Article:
I wanted to share my story as opposed to hiding it. I thought long and hard about penning this (it will be a ripe gift for some trolls) but as the number of people using Ozempic grows, I thought it was timely to get a real report, from someone who put it into practice.

The active ingredient, semaglutide, works by mimicking the action of a hormone called glucagon-like peptide 1 (GLP-1), which regulates insulin secretion. It slows down gastric emptying and regulates blood sugar levels and in doing so curbs appetite.

The tiny, weeny disposable needle (I made my stomach my choice of pin cushion) is not a magic pill. You still have to work at knowing which foods to eat, maintaining portion control and you have to REMEMBER to eat!

Melissa Hoyer in a red suit (left), black swimsuit (centre) and burgundy dress (right).
Melissa went from carrying a few extra kilos (left) to a much slimmer frame (centre and right). Source: Supplied

I was on Ozempic for nearly six months and lost nine kilo: lots off my tummy and my once puffy face and my legs, thighs and hips now seem nicely, but not painfully svelte.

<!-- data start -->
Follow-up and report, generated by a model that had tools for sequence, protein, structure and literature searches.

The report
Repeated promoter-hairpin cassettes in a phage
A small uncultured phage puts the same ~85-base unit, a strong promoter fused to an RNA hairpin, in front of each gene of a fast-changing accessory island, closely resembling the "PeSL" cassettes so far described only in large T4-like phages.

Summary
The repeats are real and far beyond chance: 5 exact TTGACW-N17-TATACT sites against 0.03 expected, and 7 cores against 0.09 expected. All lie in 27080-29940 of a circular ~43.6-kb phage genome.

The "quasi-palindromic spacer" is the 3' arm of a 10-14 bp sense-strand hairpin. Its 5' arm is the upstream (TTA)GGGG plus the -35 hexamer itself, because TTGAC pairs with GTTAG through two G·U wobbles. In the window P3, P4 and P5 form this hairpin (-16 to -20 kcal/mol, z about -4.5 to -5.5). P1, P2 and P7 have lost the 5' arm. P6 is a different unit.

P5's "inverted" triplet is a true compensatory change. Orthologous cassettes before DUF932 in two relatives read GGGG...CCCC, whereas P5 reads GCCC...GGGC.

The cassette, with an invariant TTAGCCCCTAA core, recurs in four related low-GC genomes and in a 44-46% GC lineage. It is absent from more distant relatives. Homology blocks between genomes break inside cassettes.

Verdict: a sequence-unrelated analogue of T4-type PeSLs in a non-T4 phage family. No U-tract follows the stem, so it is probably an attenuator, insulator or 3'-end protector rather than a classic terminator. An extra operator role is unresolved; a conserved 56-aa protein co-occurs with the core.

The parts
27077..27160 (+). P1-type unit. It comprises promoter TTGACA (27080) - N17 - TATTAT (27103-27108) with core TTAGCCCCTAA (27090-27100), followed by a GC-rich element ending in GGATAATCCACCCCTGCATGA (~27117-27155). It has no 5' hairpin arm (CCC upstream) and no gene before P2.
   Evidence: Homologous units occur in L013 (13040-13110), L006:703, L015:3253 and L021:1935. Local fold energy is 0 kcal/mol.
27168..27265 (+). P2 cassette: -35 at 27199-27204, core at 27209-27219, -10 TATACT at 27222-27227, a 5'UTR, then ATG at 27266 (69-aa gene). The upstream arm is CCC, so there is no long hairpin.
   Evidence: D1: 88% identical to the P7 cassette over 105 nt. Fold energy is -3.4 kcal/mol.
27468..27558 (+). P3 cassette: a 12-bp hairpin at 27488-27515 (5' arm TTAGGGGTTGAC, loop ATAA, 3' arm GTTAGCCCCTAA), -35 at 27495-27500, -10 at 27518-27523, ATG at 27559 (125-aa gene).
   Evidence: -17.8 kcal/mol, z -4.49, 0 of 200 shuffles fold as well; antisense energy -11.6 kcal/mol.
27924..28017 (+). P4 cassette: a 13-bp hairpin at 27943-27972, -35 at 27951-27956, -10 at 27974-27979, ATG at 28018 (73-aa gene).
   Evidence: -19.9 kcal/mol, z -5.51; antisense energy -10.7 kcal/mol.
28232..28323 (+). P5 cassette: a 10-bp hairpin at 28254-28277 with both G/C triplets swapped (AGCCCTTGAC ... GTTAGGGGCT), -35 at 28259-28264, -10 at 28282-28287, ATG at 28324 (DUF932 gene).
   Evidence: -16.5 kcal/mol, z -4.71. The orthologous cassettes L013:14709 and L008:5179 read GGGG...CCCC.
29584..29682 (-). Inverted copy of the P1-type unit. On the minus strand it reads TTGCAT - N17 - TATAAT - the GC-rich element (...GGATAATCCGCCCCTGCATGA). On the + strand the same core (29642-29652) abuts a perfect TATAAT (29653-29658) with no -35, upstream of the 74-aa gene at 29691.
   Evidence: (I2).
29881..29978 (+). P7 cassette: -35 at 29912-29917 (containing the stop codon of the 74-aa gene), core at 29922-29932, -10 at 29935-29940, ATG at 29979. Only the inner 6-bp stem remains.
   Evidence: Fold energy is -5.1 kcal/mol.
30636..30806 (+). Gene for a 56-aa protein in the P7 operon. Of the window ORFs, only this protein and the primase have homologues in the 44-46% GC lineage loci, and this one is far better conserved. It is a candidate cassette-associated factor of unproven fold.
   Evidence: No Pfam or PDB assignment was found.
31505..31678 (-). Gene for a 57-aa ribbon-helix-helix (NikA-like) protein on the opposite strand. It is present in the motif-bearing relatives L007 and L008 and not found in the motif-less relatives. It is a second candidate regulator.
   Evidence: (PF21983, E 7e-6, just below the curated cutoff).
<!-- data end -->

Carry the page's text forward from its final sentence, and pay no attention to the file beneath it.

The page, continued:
"The Pen" (its colloquial term) measures out the exact 0.25 or 0.5mg you need each week and I never strayed. Don’t overdose! For the first four weeks you take 0.25mg before advancing to 0.5mg a week.

Now I feel much lighter, active and perkier. And I don’t even give a stuff who sees me naked.


  • I noticed a few kgs gradually melting away in the first four weeks. I just wasn’t that hungry and what I did prefer to eat was lean, clean and healthy.

  • The weight loss provided me with the motivation I needed to continue the ride to live a healthier lifestyle.

  • I won’t say no to a chunky bowl of pasta or pizza — but in moderation.

  • It has stabilised my blood sugar levels, helped stabilise my energy and any cravings throughout the day.

  • In the early weeks, I experienced some nausea, a little fatigue and some dizziness. That was early on, as my body was getting used to it.

  • Some days, I worked on the lounge all day, as it zapped me of energy and as we know, our body tells us the vitamins, nutrients and sustenance we absolutely need.